• Thank you for the replies.  Yes, the VPN connection is assigned to an interface.  The RFC 1918 and Bogon options are unchecked.  I followed instructions similar to https://forum.pfsense.org/index.php?topic=76015.0.

    Nothing is allowed in firewall rules for the VPN interface.  I could post a screenshot, but it would look identical to John's, only with a lot fewer interface tabs  ;D

    I was incorrect above when stating that blocks at the VPN interface were occurring at half the frequency as the WAN interface.  The number of events has increased >10X since bringing up the VPN client, and are almost all udp.  You can see this in the attached graph.  I may have to adjust my rule logging as suggested to remove the noise…

    Thanks again!

    ![Firewall - Events - Proto.jpg](/public/imported_attachments/1/Firewall - Events - Proto.jpg)
    ![Firewall - Events - Proto.jpg_thumb](/public/imported_attachments/1/Firewall - Events - Proto.jpg_thumb)

  • LAYER 8 Global Moderator

    It is odd that you would be seeing traffic on your vpn interface if you ask me.  Normally these vpn services do not give customers their own IP its normally shared.  And in that sort of setup you wouldn't send traffic down the tunnel unless specific ports were requested and forwarded.

    Who is your vpn service provider?

  • Provider is HMA; although, I am researching an alternative.  VPN interface is a 10.200.. address.  VPN Public is a 167.160.. address

    I agree, the public IP likely is NAT'd.  Don't know what is causing the chatter.  Again, nothing is being allowed through the VPN interface.  In fact, I am now explicitly dropping inbound UDP without logging.

    See attached pie chart - Blocked inbound traffic on the VPN over 15 minutes - all public IPs.

    BTW, what is the default logging rule, and how is it turned off?

    Thank you again.

    ![Firewall - Events - IPs.jpg](/public/imported_attachments/1/Firewall - Events - IPs.jpg)
    ![Firewall - Events - IPs.jpg_thumb](/public/imported_attachments/1/Firewall - Events - IPs.jpg_thumb)

  • LAYER 8 Netgate

    Many people make mistakes when following tutorials and walkthroughs for OpenVPN that suggest creating a pass any any any rule on OpenVPN when setting up a CLIENT connection to a PUBLIC VPN provider.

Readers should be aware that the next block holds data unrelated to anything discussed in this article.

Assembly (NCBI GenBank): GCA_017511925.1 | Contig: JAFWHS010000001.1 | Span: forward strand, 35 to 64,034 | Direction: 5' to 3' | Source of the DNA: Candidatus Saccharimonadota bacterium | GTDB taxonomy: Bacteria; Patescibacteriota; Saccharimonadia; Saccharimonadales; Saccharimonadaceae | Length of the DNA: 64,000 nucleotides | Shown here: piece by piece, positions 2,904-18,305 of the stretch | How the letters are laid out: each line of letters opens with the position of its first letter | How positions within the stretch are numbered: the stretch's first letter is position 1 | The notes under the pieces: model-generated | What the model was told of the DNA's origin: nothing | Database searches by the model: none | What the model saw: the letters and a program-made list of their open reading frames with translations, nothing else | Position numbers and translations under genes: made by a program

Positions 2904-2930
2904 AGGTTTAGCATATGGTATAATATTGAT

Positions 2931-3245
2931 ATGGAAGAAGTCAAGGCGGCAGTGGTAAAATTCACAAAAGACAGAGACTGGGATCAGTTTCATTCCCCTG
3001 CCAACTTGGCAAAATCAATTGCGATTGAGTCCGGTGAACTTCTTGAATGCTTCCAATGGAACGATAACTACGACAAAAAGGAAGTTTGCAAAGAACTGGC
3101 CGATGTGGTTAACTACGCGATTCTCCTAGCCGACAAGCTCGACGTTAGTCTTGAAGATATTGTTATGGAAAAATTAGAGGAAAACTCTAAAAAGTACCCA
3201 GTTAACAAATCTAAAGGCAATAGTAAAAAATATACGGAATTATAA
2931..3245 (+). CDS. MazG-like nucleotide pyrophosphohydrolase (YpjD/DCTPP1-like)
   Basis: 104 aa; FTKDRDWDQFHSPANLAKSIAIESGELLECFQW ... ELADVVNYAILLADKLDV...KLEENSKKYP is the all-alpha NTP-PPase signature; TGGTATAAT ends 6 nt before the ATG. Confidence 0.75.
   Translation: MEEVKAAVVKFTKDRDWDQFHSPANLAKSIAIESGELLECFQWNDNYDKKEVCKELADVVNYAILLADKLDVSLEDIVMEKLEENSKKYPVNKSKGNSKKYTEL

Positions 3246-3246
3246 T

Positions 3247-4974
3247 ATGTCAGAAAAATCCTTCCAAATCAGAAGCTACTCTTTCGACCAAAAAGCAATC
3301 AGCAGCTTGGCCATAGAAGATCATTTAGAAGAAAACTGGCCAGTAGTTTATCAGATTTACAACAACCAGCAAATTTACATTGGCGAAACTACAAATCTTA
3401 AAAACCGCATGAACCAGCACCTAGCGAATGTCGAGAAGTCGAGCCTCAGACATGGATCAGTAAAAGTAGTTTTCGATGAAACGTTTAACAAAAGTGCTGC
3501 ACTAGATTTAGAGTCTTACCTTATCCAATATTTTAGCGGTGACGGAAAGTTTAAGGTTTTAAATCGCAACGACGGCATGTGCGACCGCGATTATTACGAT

These connections should be treated like a WAN interface and should, generally, have NO rules on the OpenVPN tab or assigned interface unless you KNOW you want INBOUND connections from anywhere in the world through that VPN connection.

    Yes, most of the providers NAT. That is still no reason to have pass rules inbound into your firewall from untrusted sources.

    I shudder to think how many PIA connections have pass any any any rules on the OpenVPN tab or assigned interface.

  • LAYER 8 Global Moderator

    That is a valid point Derelict about the guides and creating of any any rules on outbound vpn connections..  I can tell you its prob quite a few setups that are like that..

    As to where you turn off default logging, status, system log, settings.  See attached - uncheck what you don't want logged.

  • Thank you again for the advice. Fortunately, none of the tutorials I found suggested creating any pass rules.  I would have ignored them if they had.

    Overall, my pfSense config is fairly simple - no port forwarding rules - UPnP and NAT-PMP are disabled.  I did turn off default logging as suggested and added an explicit block rule for TCP with logging enabled on both WAN and OPENVPN interfaces.  This has greatly reduced the noise.  My VPN connection is over UDP, so that may explain all the UDP blocks on that interface, which were not seen on the WAN interface.

    I have another question… What is the OpenVPN interface?  It was created automatically when I added the OpenVPN client.  It is a tab in firewall rules, but does not appear under Interfaces > (assign).

  • LAYER 8 Global Moderator

    no your openvpn being udp is just the tunnel, what your seeing is blocks inside the tunnel.